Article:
At the time of this writing on Friday, December 27th, the 13th Siyum HaShas is scheduled to take place on New Year's Day. This event will take place at MetLife Stadium, the home of the Giants and Jets football teams, and will be attended by tens of thousands of Jewish people from around the country and around the world.
What is the Siyum HaShas and what makes it so special?
The Siyum HaShas is a once in approximately seven years event, in which the completion of the study of the entire Babylonian Talmud according to the Daf Yomi (one page a day) study cycle is celebrated. The Daf Yomi program was initiated by Rabbi Meir Shapiro in Poland in 1923. Those individuals who choose to study Daf Yomi learn one page of Talmud a day. At this rate, the 2,711 pages of the Talmud, spread out over dozens of tractates, are studied in their entirety once in approximately seven and a half years.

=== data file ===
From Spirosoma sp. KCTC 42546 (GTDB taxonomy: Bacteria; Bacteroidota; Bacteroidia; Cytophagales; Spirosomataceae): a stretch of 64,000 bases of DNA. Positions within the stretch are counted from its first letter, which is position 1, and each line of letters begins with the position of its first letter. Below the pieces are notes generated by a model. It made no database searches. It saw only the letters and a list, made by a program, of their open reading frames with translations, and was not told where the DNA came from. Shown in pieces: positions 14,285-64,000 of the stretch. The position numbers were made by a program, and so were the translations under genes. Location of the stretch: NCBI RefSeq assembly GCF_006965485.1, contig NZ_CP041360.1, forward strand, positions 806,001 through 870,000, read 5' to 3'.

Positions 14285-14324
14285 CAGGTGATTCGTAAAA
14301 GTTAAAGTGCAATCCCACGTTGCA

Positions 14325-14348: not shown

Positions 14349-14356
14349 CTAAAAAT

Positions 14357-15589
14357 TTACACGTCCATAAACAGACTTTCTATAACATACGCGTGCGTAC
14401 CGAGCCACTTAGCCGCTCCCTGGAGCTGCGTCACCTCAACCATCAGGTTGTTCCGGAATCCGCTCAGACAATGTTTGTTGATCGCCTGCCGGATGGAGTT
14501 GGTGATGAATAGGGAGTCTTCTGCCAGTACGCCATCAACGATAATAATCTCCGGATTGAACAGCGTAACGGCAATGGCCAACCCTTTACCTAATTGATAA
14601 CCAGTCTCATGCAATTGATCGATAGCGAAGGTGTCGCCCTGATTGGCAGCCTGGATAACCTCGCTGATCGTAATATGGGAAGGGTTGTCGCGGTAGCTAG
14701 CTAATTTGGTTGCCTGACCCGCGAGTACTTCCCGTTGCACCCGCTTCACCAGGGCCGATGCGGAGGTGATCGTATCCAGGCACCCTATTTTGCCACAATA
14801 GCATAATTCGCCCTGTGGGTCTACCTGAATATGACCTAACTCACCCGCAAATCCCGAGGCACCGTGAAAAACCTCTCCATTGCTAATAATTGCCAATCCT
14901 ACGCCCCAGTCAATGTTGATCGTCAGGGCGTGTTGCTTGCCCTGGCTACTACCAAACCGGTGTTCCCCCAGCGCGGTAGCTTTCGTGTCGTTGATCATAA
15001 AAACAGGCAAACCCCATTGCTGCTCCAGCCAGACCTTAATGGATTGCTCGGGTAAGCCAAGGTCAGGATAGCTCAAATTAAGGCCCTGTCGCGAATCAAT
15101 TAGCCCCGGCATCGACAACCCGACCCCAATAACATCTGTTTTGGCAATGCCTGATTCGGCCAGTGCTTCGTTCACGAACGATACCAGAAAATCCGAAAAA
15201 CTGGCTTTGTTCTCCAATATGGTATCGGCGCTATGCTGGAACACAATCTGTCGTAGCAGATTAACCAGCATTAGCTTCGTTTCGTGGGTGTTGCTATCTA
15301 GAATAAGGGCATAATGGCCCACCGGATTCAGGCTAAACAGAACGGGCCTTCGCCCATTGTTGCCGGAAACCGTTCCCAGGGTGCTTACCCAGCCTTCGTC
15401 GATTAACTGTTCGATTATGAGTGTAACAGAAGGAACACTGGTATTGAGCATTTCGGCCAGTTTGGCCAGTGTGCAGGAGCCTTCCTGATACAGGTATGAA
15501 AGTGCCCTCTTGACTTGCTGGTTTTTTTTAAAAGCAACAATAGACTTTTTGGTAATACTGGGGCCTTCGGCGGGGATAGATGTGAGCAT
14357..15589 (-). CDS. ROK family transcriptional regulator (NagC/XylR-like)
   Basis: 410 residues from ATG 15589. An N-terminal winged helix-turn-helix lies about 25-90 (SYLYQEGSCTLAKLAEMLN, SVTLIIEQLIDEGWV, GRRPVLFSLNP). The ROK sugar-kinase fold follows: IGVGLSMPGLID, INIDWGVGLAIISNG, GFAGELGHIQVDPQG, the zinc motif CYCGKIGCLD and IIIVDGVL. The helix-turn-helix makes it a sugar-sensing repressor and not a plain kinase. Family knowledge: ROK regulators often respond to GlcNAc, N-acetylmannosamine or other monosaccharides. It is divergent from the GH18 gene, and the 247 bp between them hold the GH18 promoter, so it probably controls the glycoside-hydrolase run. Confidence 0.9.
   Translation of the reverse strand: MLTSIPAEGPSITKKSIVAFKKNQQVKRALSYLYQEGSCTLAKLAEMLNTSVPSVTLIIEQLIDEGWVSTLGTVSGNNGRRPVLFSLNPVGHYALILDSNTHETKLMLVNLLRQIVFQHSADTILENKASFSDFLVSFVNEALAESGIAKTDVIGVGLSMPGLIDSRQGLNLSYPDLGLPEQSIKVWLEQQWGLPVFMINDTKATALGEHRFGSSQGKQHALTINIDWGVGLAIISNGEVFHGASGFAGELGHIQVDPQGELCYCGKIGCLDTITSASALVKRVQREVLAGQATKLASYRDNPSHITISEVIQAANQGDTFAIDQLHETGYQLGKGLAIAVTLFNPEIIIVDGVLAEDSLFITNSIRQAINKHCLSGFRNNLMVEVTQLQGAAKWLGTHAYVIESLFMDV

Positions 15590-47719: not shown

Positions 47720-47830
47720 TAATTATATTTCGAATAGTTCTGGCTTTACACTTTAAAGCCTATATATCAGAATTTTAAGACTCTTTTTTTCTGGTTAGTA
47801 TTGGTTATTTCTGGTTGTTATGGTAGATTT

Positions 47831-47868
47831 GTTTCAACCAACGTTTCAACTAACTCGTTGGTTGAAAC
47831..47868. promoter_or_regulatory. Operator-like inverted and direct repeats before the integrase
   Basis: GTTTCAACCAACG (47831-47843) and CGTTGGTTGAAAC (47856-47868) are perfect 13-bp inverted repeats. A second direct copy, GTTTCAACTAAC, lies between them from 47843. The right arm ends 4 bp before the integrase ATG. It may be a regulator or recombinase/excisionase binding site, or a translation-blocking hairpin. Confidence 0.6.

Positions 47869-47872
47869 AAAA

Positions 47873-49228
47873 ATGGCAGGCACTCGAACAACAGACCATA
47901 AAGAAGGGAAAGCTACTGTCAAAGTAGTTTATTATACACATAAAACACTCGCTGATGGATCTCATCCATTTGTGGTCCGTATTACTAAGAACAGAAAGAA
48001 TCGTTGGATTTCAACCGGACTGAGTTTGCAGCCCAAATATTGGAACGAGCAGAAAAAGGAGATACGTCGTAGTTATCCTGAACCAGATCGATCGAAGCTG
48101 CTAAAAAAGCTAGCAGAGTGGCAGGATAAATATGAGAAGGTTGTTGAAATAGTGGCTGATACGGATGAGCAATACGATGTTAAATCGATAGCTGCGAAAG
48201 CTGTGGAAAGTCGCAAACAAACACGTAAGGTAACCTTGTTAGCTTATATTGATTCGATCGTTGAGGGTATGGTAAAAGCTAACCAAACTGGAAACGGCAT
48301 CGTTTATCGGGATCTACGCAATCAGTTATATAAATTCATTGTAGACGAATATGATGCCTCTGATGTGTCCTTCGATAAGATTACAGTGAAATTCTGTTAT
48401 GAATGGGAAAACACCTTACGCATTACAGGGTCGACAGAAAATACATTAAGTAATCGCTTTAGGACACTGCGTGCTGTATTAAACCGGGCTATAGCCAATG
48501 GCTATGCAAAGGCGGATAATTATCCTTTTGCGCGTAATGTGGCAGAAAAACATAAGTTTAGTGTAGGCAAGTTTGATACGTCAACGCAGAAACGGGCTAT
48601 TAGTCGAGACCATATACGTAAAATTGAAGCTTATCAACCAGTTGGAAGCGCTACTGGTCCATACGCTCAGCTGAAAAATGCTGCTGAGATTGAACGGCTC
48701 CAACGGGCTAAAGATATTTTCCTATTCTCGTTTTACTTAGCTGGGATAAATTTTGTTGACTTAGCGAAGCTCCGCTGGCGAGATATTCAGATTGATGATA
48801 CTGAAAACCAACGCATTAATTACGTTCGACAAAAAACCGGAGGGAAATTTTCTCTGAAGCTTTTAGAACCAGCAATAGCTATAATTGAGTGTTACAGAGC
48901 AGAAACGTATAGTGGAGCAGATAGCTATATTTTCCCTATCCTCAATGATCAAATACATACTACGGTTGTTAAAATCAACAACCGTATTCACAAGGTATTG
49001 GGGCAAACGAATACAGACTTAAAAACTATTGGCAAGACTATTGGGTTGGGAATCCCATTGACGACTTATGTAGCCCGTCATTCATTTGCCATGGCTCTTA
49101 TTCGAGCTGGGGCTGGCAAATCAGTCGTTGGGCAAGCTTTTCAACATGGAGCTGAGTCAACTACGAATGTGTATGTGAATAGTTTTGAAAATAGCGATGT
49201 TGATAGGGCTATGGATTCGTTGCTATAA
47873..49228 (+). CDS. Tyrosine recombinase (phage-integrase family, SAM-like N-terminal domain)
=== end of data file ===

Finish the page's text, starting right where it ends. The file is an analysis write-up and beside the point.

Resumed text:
There are several individuals in our community who study Daf Yomi and will be completing their study of the Talmud in its entirety the first week in January. On behalf of the congregation, I would like to congratulate those individuals on the completion of this monumental task.
The major innovation of the Daf Yomi program is that the participants in the program study the very same page of the Talmud on the same day, regardless of their locale. Thus, a businessman who lives in Brooklyn and attends a Daf Yomi class every day may attend a Daf Yomi class while on a business trip in Los Angeles without falling behind in the challenging page-a-day cycle.
Similarly, one of the beautiful aspects of our weekly Torah reading cycle is that, for the most part, all Jewish people worldwide are studying the same Parashat Hashevua each week. A person attends shul services in Connecticut and reads the same parasha that is being read in Jerusalem, Toronto or Johannesburg. Thus, this cycle of weekly Torah readings serves as an expression of Jewish unity, just as tens of thousands of Jewish people coming together to fill an NFL football stadium with words of Torah and prayer is a remarkable display of Jewish unity.
All the Best,
Rabbi Peretz Robinson